(The first article in the series is here.)
When Harvard Business School conducted its massive diary-collating research, the somewhat startling conclusion was that workers like it when their work is part of a progress.
“Part of a progression” has another name: profluence. In literary circles, it means the stuff that flows forward in a literary work.
I don’t know what the last great novel-you-read is. I trust you had one. (If you don’t have one, stop reading blogs and geek-books and go find a great work of fiction.)
Do you remember the sense of excitement that came with it? The anticipation? The intense need to know what came next?
Profluence. Forward flowing.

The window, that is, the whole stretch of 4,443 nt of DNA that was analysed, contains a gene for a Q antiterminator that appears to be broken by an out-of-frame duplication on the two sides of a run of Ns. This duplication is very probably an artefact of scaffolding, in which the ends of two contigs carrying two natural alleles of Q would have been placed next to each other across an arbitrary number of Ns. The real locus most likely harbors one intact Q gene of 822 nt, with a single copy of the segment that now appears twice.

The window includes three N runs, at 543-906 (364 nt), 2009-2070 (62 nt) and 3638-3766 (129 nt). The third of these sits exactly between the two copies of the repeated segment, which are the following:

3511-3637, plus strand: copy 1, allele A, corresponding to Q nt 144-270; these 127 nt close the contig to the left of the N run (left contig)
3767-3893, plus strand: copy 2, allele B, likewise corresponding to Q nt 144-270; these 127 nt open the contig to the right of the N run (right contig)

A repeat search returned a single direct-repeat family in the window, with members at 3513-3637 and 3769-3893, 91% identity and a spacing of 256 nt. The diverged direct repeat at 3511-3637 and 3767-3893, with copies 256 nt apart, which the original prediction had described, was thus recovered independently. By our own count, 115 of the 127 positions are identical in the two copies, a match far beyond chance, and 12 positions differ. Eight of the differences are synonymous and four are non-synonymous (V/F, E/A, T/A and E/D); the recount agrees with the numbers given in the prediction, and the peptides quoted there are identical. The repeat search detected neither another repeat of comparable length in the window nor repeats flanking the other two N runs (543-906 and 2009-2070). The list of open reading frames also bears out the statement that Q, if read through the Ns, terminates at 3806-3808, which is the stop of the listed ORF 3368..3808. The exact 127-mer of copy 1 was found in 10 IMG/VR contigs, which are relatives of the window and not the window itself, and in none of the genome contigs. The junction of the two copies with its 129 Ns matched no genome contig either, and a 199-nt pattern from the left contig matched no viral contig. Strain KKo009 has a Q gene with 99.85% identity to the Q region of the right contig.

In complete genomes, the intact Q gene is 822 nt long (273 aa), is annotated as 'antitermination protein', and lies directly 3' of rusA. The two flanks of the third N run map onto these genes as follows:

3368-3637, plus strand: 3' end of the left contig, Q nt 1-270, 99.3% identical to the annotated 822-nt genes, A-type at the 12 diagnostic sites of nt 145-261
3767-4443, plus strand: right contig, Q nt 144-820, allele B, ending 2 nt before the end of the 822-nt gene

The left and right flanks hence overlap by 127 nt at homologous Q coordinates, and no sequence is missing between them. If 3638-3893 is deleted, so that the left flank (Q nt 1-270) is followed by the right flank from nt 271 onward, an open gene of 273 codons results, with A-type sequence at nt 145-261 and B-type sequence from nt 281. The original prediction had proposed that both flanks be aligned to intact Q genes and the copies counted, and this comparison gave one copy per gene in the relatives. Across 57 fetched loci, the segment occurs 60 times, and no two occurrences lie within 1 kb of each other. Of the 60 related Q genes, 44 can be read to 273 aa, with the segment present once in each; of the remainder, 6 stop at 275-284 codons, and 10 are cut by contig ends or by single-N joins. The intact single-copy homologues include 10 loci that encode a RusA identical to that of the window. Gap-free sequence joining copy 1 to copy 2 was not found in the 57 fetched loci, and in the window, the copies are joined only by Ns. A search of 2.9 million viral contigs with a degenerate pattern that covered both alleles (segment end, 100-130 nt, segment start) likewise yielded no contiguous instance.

Microtests Advance Development
Here, the case is subtle. After all, most everything a developer does is meant to advance development, hence the name.
But development here means progress.
When a geek runs a red-green-refactor-integrate cycle, things move forward. That movement, profluence, is a significant motivator for humans. I spoze if traditional processes are working for someone, they already supply it, but in weeks or months.
The TDD discipline creates profluence every single day, several times a day, for any number of days in a row.